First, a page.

Southwestern Tai languages

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Thai
Southwestern Tai
Geographic
distribution:
Southeast Asia
Linguistic classification: Tai–Kadai
  • Tai
    • Zuojiang–Thai
      • Nung–Thai
        • Wenma–Southwestern[1]
          • Sapa–Thai
            • Thai
Proto-language: Proto-Thai
Subdivisions:
  • Southern Thai
  • Central–Eastern Thai
Glottolog: sout3184[2]
{{{mapalt}}}
Distribution of the Tai–Kadai language family.

The Southwestern Tai or Varieties of Thai are an established branch of the Tai languages of Southeast Asia. They include Siamese (standard Thai), Lao, and Shan in Burma.

Classification[edit]

The internal classification of the Southwestern Tai languages is still not well agreed on.

Chamberlain (1975)[edit]

Chamberlain (1975) divides Southwestern Tai into 4 branches.[3]

Chamberlain based his classification on the following phonological patterns. (Note: For an explanation of the notation system for Tai tones, see Proto-Tai language#Tones.)

  1. /p/ vs. /ph/
  2. tone *A column split/merger pattern
  3. tone *BCD columns split/merger patterns
  4. B-DL tonal coalescence
Proto-Southwestern Tai
  • Branch with distinguishing innovation: /p/
    • Branch with distinguishing innovation: *A 1-23-4
      • Tse Fang
      • Tai Mao
      • Muang Ka
    • Branch with distinguishing innovation: *ABCD 123-4; B=DL
      • Black Tai
      • Red Tai
      • White Tai
      • Lue
      • Shan
      • Yuan
      • Ahom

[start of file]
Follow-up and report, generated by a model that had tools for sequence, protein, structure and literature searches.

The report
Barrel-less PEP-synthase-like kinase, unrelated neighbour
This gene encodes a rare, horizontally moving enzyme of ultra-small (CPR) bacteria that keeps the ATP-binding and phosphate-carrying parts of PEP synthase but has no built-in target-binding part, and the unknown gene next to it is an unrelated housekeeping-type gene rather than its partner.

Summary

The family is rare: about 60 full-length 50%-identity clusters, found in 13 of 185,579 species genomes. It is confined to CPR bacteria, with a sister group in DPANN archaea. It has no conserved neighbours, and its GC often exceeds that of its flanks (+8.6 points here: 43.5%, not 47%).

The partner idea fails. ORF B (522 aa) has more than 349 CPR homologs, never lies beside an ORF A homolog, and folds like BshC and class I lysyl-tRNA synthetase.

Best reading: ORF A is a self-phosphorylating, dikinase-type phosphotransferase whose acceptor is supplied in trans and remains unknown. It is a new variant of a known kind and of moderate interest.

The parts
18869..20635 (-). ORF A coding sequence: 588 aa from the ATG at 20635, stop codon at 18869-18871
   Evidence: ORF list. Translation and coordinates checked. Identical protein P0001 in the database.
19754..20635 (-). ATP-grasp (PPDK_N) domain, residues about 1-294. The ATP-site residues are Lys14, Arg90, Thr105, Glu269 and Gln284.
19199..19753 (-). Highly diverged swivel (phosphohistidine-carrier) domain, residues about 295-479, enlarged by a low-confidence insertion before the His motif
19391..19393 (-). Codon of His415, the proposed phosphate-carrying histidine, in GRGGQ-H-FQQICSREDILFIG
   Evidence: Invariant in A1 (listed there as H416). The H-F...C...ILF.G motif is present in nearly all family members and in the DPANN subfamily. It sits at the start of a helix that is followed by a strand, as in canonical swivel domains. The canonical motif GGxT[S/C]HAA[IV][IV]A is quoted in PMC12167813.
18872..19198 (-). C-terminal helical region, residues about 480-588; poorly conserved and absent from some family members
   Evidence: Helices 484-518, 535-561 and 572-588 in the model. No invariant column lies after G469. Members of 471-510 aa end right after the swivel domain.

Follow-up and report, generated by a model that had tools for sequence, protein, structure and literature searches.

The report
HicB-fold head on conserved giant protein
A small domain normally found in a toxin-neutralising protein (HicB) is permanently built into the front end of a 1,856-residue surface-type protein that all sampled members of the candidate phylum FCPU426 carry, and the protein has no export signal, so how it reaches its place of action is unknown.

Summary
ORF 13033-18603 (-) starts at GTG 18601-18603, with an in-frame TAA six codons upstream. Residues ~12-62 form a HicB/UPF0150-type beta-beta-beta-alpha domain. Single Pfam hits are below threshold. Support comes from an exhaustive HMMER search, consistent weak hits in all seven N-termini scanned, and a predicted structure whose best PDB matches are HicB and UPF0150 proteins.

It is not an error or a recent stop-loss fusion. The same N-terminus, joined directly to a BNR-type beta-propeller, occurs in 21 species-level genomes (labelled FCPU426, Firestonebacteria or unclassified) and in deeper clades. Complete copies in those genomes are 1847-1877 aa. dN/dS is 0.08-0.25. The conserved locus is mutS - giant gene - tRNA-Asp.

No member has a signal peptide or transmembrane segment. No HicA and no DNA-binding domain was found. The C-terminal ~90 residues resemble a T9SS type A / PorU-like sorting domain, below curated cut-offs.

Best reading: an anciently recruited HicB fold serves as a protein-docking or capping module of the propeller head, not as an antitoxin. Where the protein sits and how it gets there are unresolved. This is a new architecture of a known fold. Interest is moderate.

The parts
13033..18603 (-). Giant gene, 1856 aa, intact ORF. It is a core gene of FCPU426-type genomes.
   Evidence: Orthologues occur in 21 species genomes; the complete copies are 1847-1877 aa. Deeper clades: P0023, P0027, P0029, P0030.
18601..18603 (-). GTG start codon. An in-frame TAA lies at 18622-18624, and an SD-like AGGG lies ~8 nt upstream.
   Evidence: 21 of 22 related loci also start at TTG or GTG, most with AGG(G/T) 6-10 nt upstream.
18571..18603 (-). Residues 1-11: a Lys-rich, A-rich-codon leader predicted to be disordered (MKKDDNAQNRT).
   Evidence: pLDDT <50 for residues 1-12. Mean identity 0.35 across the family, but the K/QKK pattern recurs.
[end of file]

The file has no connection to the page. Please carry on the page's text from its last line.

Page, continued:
• Branch with distinguishing innovation: /ph/ (*A 1-23-4)
    • Branch with distinguishing innovation: *BCD 123-4
      • Siamese
      • Phu Tai
      • Nuea[4]
      • Phuan
    • Branch with distinguishing innovation: *BCD 1-23-4; B≠DL
      • Lao
      • Southern Thai

Edmondson & Solnit (1997)[edit]

Edmondson & Solnit (1997) divide the Southwestern Tai languages into two major subgroups. According to this classification, Dehong Tai and Khamti are the first languages to have split off from the Southwestern Tai branch.[5]

  1. Northern: Tai Nua = Shan-Tayok (Chinese Shan), Khamti
  2. Southern: Burman Shan ("Shan proper"), all other Southwestern Tai

A transition zone between the Northern and Southern groups occurs among the Tai languages (including Tai Mau) around the Burma-China border region of Mangshi, Namhkam, and Mu-se near Ruili.

This bipartite division of Southwestern Tai is argued for by Edward Robinson in his paper "Features of Proto-Nüa-Khamti" (1994). The following features set off the Nüa-Khamti group from all the other Southwestern Tai languages.

  1. Labialized velar stops have become velar stops.
  2. Tripartite split of the A tone A1-23-4
  3. Merger of A23 and B4
  4. The low vowels /ɛ/ and /ɔ/ have merged with /e/ and /o/, respectively.
  5. *ʔb > m

Luo (2001)[edit]

Luo Yongxian (2001) also recognizes the uniqueness of Dehong Tai (Tai Nüa), but argues for that it should be placed in a separate Northwestern Tai branch with Southwestern Tai as a sister branch.[6] Luo claims that the Northwestern Tai branch has many Northern Tai and Central Tai features that are not found in Southwestern Tai. His proposed tree for the Tai branch is as follows.